“Statistics are instructive, but from the point of view of the poor, the landless, and the youth on the street, equity is seen very differently, because it’s not only stats, it’s their life, their identity.”

The hui is focused on “working together for change” by bringing together experts from academia, community organisations, business and government agencies to investigate opportunities for action across different sectors.

The 2020-2021 Aotearoa New Zealand Sustainable Development Goals Summit series is co-hosted by UC and Lincoln University, with mana whenua Ngāi Tuahuriri, in partnership with the Christchurch City Council and Ara Institute of Canterbury, supported by Tourism New Zealand, Te Pokai Tara | Universities New Zealand, ChristchurchNZ, and New Zealand National Commission for UNESCO. 


Hui #3 – two panels and a workshop

Also at Hui #3, the panel Intergenerational Conversations features UC Professor Bronwyn Hayward with a range of speakers including Atarau Hamilton from Learning City Christchurch, Inclusive Aotearoa, Lucy Gray from School Strike 4 Climate, Sarah Morris from Office of the Children’s Commission, Atarau Hamilton and others.

A concurrent Interactive Workshop: ‘Future Fit Business: a tool for Organisations’ will explore how organisations in Aotearoa New Zealand can credibly measure their sustainability and contribution to the SDGs using the Future Fit Business Benchmark. This workshop is co-hosted by Sally Wilkins, a sustainability consultant at Proxima Consulting (an accredited Future Fit Partner since 2019) and Roger Robson-Williams, Chief Sustainability Officer at Plant and Food Research (an early adopter of the Benchmark in Aotearoa).

Book here for online Hui #3, Working Together for Change, on 24 June.

The Aotearoa New Zealand Sustainable Development Goals Summit Series summit 2-3 September:

With workshops, world cafes, kōrerorero, creative stations, activations and small group discussions, plus field trips and a community feast, the Aotearoa SDG Summit Series: 2-Day Summit Collaboration for Systemic Change focuses on connecting, learning, collaborating, and taking real action on the 17 UN Sustainable Development Goals (SDGs). Tickets are available now.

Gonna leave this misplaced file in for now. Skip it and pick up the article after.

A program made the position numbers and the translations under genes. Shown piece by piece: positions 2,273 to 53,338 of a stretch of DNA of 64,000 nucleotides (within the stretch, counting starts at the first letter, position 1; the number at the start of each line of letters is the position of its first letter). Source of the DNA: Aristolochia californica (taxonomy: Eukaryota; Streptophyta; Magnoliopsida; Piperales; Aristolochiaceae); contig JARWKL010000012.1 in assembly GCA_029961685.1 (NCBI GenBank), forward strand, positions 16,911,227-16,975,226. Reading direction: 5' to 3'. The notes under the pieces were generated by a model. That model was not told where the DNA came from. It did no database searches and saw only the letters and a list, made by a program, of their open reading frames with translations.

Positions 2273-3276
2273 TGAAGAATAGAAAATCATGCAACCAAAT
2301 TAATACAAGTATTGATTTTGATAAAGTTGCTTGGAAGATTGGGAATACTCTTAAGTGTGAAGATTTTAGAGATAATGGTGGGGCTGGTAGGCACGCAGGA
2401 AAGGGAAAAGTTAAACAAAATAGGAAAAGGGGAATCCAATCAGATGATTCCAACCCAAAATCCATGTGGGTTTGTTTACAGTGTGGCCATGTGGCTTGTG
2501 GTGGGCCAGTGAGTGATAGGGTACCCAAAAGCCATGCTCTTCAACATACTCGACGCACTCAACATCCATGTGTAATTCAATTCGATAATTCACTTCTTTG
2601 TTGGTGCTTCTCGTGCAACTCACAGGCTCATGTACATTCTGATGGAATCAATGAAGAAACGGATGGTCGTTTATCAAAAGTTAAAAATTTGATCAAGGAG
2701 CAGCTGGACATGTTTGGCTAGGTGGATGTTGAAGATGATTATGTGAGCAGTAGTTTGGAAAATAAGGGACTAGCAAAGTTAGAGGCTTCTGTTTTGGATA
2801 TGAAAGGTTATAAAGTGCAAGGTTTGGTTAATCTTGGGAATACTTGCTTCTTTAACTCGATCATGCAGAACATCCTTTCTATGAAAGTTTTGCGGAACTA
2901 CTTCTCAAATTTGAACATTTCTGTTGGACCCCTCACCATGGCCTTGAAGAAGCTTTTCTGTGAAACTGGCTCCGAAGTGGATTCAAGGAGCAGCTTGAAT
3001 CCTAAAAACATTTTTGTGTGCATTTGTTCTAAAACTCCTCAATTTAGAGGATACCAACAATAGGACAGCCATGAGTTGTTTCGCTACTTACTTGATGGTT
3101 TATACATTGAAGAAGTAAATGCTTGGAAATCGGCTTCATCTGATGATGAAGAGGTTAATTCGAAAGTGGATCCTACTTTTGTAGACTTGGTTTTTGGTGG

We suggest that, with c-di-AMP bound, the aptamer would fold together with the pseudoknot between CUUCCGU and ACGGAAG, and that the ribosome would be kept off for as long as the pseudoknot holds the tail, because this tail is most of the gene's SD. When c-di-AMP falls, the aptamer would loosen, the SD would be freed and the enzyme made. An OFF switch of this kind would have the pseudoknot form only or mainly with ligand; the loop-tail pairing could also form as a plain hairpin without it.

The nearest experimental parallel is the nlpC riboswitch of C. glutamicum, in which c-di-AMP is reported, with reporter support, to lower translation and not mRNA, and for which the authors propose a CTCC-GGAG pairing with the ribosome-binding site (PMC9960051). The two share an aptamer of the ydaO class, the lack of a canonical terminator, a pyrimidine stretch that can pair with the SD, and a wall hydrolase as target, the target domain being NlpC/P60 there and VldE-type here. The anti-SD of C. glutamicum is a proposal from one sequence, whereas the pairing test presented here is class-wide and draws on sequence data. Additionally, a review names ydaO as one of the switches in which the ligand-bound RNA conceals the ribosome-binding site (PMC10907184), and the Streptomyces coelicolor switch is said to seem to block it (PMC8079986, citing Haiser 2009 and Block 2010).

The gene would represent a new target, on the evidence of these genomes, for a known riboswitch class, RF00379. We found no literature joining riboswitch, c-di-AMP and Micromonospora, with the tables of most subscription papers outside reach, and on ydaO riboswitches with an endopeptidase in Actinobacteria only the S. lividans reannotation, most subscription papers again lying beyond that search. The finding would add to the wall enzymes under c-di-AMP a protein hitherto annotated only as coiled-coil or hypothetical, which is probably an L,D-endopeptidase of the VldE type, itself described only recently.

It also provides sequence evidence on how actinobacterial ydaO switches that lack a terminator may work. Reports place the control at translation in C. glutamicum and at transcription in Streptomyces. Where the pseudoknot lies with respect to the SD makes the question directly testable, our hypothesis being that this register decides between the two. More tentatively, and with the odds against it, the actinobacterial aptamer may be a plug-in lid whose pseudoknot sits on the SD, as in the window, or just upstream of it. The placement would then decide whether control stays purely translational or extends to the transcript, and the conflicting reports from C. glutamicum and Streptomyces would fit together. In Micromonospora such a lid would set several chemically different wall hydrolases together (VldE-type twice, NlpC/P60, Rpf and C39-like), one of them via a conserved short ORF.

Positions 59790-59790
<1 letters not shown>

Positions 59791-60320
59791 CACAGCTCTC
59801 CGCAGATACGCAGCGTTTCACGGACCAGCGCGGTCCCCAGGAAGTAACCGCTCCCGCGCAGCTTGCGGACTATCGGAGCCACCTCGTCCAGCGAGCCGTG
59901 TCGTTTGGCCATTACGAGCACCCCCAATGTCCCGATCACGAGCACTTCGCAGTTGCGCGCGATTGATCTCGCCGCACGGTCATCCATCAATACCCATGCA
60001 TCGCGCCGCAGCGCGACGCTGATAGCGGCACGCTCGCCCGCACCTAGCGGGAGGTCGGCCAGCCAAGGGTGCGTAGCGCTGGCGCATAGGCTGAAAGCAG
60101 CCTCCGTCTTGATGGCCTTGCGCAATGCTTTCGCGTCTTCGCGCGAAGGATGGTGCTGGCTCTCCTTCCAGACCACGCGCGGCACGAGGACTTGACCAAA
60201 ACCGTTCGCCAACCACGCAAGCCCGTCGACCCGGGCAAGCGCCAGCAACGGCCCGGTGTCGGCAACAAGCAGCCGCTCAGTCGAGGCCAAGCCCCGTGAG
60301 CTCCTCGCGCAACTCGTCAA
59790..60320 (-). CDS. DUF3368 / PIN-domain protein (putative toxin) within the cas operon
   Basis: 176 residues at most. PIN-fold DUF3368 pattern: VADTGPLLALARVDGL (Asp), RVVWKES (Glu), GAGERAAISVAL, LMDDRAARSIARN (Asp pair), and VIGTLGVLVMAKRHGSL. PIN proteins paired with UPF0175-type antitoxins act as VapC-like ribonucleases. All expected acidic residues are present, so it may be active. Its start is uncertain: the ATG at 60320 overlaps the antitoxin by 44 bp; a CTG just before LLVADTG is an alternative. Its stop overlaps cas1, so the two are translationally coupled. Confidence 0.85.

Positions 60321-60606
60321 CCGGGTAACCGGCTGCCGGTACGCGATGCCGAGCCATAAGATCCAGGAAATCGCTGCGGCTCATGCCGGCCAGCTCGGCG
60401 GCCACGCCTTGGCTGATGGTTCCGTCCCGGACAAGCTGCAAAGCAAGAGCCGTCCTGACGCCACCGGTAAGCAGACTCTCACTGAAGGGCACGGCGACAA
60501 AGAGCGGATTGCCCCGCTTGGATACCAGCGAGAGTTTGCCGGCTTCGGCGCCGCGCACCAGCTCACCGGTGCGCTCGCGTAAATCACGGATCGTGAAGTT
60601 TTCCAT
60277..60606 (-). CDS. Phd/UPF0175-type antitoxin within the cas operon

Professor Steven Ratuva

An award-winning political sociologist and global interdisciplinary scholar, Professor Steven Ratuva is Director of the Macmillan Brown Centre for Pacific Studies at UC. He has written and contributed to many books, including the three-volume Palgrave Handbook on Ethnicity, which he edited and which involved over 100 scholars globally. Earlier this year he was elected as a Fellow of the Academy of the Royal Society Te Apārangi. His expertise is sought by government and other agencies in New Zealand and globally.

His forthcoming book, Epistemic siege: Neoliberalism and the commodification of knowledge will be published in 2021.

Read more: Hierarchies of knowing | University of Canterbury.  

Professor Bronwyn Hayward

Professor of Political Science and International Relations and Director of The Sustainable Citizenship and Civic Imagination Research group at UC, Professor Bronwyn Hayward balances writing reports with Intergovernmental Panel of Climate Change (IPCC) teams and youth climate action such the CYCLES Children and Youth in Cities Lifestyle Evaluation study, with media commentary and writing. She is a Coordinating Lead Author for the Intergovernmental Panel on Climate Change AR6 report (cities & infrastructure) and was a lead author for the 2018 Special Report on 1.5 (Sustainable development & Poverty eradication). She was made a member of the NZ Order of Merit for services to political science (sustainability, youth and climate), and recently released the book Children, Citizenship and Environment #Schoolstrike edition.